Small activating RNAs (saRNAs), targeting endogenous genes and stimulating their transcription, are a promising tool for implementing a variety of neurotherapeutic strategies. Among these there is the stimulation of select histogenetic subroutines for purposes of cell-based brain repair, as well as the therapeutic treatment of gene expression deficits underlying severe neurological disorders. We employed RNA activation (RNAa) to transactivate the Emx2 transcription factor gene in embryonic cortico-cerebral precursor cells. This led to enhanced self-renewal, delayed differentiation, and reduced death of neuronally committed precursors, resulting in a remarkable expansion of the neuronogenic precursors pool. These results are of paramount interest for purposes of gene-promoted brain repair. As such, RNAa makes therapeutic stimulation of neuronogenesis via Emx2 overexpression a feasible goal, preventing the drawbacks of exogenous gene copies introduction. Moreover, we employed RNAa to achieve a gentle transactivation of the Foxg1 transcription factor gene, specifically in cortico-cerebral cells. This manipulation led to an appreciable biological outcome, while complying with endogenous gene tuning linked to early central nervous system regionalization and late activity of neocortical projection neurons. Foxg1-activating miRNAs stimulated RNApolII recruitment, possibly via Ago1. One of them worked promisingly in vivo. As such, RNAa can be a valuable approach for therapeutic treatment of the FOXG1-haploinsufficiency-linked variant of the Rett syndrome. Remarkably, hemizygosity for specific genes and polygenic chromosomal segments underlies a huge number of neuropathological entities for which no cure is presently available. Based on the results reported above, RNAa might be a simple and scalable approach for fixing this class of problems.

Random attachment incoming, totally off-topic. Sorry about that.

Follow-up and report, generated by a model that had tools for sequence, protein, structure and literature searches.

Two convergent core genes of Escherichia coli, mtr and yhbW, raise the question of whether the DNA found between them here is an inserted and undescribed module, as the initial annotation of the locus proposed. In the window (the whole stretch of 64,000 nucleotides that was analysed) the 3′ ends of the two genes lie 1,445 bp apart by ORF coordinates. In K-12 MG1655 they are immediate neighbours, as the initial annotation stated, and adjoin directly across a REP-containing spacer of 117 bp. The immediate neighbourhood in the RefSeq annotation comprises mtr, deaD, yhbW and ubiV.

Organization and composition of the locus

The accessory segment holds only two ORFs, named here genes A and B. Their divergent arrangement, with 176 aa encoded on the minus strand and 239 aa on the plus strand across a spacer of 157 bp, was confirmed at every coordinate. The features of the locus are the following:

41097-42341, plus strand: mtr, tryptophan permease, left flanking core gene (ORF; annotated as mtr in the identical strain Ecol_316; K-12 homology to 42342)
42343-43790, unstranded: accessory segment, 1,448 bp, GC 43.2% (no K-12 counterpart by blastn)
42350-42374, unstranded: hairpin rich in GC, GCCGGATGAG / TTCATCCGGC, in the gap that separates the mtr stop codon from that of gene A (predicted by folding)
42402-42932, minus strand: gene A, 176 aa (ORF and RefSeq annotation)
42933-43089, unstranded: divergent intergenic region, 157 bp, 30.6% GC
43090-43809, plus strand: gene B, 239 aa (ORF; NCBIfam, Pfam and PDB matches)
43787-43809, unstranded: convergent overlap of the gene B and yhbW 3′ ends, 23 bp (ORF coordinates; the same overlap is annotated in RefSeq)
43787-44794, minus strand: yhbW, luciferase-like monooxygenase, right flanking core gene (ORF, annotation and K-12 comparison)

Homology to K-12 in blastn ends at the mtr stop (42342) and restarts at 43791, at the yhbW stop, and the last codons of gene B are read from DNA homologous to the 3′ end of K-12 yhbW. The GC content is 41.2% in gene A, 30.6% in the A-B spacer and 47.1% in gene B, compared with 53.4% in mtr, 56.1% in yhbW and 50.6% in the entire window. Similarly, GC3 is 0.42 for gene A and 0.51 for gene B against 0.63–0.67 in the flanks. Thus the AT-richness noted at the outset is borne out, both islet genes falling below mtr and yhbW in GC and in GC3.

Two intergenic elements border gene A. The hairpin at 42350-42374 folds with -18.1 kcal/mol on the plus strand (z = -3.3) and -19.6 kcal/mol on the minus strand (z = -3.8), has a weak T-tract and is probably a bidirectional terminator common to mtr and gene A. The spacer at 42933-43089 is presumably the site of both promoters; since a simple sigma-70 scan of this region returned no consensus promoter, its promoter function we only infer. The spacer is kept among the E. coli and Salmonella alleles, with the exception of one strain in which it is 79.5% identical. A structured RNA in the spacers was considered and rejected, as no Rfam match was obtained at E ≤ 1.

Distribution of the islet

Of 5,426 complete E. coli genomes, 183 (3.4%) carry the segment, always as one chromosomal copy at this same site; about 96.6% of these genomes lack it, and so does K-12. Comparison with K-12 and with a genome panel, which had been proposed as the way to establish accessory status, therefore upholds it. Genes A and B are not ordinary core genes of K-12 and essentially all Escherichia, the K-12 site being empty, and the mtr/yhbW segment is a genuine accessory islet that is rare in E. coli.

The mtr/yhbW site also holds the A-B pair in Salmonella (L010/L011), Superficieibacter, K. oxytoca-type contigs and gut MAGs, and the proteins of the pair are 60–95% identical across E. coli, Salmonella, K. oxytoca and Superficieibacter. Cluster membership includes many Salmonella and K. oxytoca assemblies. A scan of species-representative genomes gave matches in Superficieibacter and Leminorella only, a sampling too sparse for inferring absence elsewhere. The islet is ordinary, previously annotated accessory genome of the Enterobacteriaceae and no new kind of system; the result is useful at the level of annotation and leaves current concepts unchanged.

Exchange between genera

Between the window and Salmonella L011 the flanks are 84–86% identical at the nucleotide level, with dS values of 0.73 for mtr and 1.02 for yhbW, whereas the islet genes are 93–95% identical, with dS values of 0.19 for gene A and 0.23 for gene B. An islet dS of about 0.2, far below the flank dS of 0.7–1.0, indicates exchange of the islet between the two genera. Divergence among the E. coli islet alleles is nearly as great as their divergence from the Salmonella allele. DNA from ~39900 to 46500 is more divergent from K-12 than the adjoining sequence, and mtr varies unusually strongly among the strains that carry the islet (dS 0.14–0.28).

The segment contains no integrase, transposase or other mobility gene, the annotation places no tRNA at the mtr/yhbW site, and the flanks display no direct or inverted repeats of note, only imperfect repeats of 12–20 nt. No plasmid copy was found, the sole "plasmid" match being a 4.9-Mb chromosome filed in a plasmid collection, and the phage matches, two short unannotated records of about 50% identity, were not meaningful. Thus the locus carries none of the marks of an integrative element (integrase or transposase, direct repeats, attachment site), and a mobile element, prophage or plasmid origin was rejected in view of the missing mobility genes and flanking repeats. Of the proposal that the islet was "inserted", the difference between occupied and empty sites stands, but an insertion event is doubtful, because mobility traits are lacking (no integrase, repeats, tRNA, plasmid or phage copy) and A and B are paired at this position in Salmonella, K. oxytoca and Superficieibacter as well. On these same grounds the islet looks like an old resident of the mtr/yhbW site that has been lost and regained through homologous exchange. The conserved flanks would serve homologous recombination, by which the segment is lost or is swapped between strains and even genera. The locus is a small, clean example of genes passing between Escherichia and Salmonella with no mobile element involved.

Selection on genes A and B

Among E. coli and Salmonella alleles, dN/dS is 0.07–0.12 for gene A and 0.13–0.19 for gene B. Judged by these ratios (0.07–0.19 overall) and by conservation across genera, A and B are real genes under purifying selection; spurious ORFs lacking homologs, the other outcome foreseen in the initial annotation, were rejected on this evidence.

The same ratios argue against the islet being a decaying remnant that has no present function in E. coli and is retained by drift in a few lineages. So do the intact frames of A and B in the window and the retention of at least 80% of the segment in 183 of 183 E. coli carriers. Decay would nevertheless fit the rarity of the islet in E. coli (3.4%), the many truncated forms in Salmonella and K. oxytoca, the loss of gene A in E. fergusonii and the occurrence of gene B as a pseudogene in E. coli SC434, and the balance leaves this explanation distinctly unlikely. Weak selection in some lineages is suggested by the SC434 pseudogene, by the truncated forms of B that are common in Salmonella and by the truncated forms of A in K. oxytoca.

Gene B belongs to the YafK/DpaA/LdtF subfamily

Enhancing neuronogenesis and counteracting neuropathogenic gene haploinsufficiencies by RNA gene activation / Mallamaci, Antonio. - 983:(2017), pp. 23-39. [10.1007/978-981-10-4310-9_2]

Enhancing neuronogenesis and counteracting neuropathogenic gene haploinsufficiencies by RNA gene activation

Mallamaci, Antonio
2017

Abstract

Small activating RNAs (saRNAs), targeting endogenous genes and stimulating their transcription, are a promising tool for implementing a variety of neurotherapeutic strategies. Among these there is the stimulation of select histogenetic subroutines for purposes of cell-based brain repair, as well as the therapeutic treatment of gene expression deficits underlying severe neurological disorders. We employed RNA activation (RNAa) to transactivate the Emx2 transcription factor gene in embryonic cortico-cerebral precursor cells. This led to enhanced self-renewal, delayed differentiation, and reduced death of neuronally committed precursors, resulting in a remarkable expansion of the neuronogenic precursors pool. These results are of paramount interest for purposes of gene-promoted brain repair. As such, RNAa makes therapeutic stimulation of neuronogenesis via Emx2 overexpression a feasible goal, preventing the drawbacks of exogenous gene copies introduction. Moreover, we employed RNAa to achieve a gentle transactivation of the Foxg1 transcription factor gene, specifically in cortico-cerebral cells. This manipulation led to an appreciable biological outcome, while complying with endogenous gene tuning linked to early central nervous system regionalization and late activity of neocortical projection neurons. Foxg1-activating miRNAs stimulated RNApolII recruitment, possibly via Ago1. One of them worked promisingly in vivo. As such, RNAa can be a valuable approach for therapeutic treatment of the FOXG1-haploinsufficiency-linked variant of the Rett syndrome. Remarkably, hemizygosity for specific genes and polygenic chromosomal segments underlies a huge number of neuropathological entities for which no cure is presently available. Based on the results reported above, RNAa might be a simple and scalable approach for fixing this class of problems.
983
RNA activation
23
39
http://www.springer.com/series/5584
Mallamaci, Antonio
File in questo prodotto:
Non ci sono file associati a questo prodotto.

I documenti in IRIS sono protetti da copyright e tutti i diritti sono riservati, salvo diversa indicazione.

Utilizza questo identificativo per citare o creare un link a questo documento: https://hdl.handle.net/20.500.11767/87876
Citazioni
  • ???jsp.display-item.citation.pmc??? 0
  • Scopus 0
  • ???jsp.display-item.citation.isi??? 0
social impact